Emergency escape at 6000 km/h: How near miss Soyuz rocket accident unfolded (PHOTOS, VIDEO)

Emergency escape at 6000 km/h: How near miss Soyuz rocket accident unfolded (PHOTOS, VIDEO)
The Soyuz was considered so safe, tweets about a successful launch had already gone out. At the same time, the two men inside were hurtling towards the ground in the worst Russian manned flight accident since Soviet times.

Baikonur’s first launchpad, the same one used by Yuri Gagarin 57 years ago, 11:39 am Moscow time, Thursday, October 11, 2018. In one minute, the Soyuz MS-10, the 139th flight of the various iterations of the spacecraft, will take off.

Inside the capsule are Russian commander Aleksey Ovchinin, making his second journey to orbit, and rookie astronaut Nick Hague, an ace test pilot, who has waited five years since his selection as a NASA astronaut for this chance.

READ MORE: Almost like Columbia: Two crew members dodge death by an inch in botched Russian space launch

Strapped to their seats in their bulky spacesuits, the two men appear calm, saluting playfully when asked about their state. The on-board video shows two dangling soft toys above them, a dachshund and an owl. These will serve as floating indicators of weightlessness, once they leave the Earth’s atmosphere, but also mascots.

Thirty seconds left. One by one the umbilical towers that nestle the 300-ton kerosene powered Soyuz FG rocket, which has never failed since its first launch in 2001, fall away.

In graceful slow motion, the rocket soars, then accelerates at an angle into the clear azure sky over the Kazakh desert, towards the orbiting International Space Station, to which the Soyuz will attach in six hours.

Inside, the two men follow the progress of the rocket on their tablets, while ground control calmly details each stage, and the monitor shows altitude rising together with the speed, measured in meters per second – 1600, 1700, 1800.

120 second into the flight, the booster rockets, the giant fast-burning firecrackers that power the initial upward thrust are scheduled to detach.

That never happens as designed. A stuttering video appears to show the two spacemen jerked from their seats – likely entering weightlessness as the rocket lost speed. The feed then cuts out. A ground camera shows flashing fragments disperse from the body of the rocket.

“A carrier accident,” a voice on the ground says dispassionately. 

“Yes,” confirms another.

123 seconds into the flight, the emergency escape system activates, and the capsule detaches itself from the rocket, and falls back down towards the ground on a severe ballistic trajectory.

No one sitting at the controls in Moscow was here on April 5, 1975, the last time the Soyuz booster rockets failed on ascent during a manned flight. The Soyuz 18-1 was carrying two cosmonauts up to Salyut-4, the Soviet space station. That time, the launch vehicle made it 145 km above ground, and the failure occurred between the second and third stages. Vasily Lazarev and Oleg Makarov were subjected to 20 g as they plunged towards a snowy Siberian taiga. Neither died, though Lazarev was reported to have never recovered from the physical strain.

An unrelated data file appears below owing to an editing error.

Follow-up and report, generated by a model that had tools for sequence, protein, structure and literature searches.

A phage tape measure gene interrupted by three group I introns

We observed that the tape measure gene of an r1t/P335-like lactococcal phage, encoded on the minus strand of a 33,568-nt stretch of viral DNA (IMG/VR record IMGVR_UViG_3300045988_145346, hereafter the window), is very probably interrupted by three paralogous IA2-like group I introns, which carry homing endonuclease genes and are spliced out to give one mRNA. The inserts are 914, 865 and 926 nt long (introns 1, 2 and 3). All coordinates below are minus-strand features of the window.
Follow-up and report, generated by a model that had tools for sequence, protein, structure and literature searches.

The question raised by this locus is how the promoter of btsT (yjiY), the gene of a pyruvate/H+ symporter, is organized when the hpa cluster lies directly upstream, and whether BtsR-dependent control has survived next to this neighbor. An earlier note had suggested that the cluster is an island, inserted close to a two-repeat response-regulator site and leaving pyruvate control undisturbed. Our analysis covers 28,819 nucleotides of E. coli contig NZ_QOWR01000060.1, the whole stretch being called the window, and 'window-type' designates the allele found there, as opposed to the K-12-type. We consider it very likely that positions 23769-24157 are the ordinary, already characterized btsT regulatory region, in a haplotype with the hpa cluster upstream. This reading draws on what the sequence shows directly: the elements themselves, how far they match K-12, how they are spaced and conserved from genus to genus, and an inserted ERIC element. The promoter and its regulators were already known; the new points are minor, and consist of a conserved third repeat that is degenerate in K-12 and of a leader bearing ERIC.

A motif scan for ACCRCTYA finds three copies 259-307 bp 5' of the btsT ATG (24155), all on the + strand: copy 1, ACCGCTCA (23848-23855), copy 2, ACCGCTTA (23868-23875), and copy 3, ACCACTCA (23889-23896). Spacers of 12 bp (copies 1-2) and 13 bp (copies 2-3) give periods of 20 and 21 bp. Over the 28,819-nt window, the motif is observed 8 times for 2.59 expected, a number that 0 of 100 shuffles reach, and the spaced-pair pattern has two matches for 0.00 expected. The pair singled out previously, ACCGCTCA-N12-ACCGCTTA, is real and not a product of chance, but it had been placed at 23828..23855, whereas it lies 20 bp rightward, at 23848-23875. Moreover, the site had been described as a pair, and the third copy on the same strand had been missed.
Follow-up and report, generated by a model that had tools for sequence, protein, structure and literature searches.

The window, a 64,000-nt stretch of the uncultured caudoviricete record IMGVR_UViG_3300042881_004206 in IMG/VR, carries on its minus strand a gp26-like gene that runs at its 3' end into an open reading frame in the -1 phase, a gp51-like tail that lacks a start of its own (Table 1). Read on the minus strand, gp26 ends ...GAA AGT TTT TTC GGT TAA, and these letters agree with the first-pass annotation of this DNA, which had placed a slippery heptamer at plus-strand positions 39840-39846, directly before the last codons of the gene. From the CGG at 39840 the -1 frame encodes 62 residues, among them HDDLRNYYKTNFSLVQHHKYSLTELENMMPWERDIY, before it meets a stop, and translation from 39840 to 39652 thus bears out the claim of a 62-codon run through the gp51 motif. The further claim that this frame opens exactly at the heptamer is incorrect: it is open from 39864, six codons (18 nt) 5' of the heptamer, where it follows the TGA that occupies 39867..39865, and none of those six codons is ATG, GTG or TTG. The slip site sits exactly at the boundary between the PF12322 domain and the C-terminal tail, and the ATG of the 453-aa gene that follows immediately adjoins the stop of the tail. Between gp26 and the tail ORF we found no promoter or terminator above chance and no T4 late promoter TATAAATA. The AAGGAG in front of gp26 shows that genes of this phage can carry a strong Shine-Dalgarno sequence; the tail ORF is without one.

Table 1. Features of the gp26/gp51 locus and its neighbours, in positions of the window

READ MORE: Soyuz SOS: History of the Russian spacecraft's incidents & accidents (PHOTOS)

Ovchinin and Hague are luckier that their failure occurred earlier. Reports say they suffer 6.7 g – worse than the driver of a Formula 1 car pressing hard on the brakes, but less than the maximum they were subjected to during their training at Star City.

As the Russian space agency continues to post scheduled tweets about the spaceflight that no longer is, 24 teams are dispatched to search for the men. Within minutes radio contact is re-established. The escape capsule landed 400 km from Baikonur, in the Kazakh steppe, 20 km away from the nearest large settlement.

In the barren landscape it is quickly found. The pod is overturned, and Ovchinin and Hague extracted. They appear to have suffered no physical injuries.

“That was a quick trip,”joked Ovchinin, while they were still descending, and the two men are filmed arriving back in Baikonur, and even eating their dinner, to prove they really are OK.

Besieged by dozens of phone calls from reporters, his wife Svetlana, says "Thank God, they are OK."

For the two men, the worst disaster since the 2003 Columbia crash – the last time astronauts died in action – has been averted. If all goes well, they will get another chance.

For the manufacturers and operators of the Soyuz, formerly a testament to the reliability of the Soviet and Russian space program, a new narrative of analysis and blame begins today, and surely heads will roll, publicly or behind the scenes. As for the crew members already up on the ISS, they can expect a longer-than-planned expedition, while the only space fleet capable of carrying humans to orbit remains grounded.

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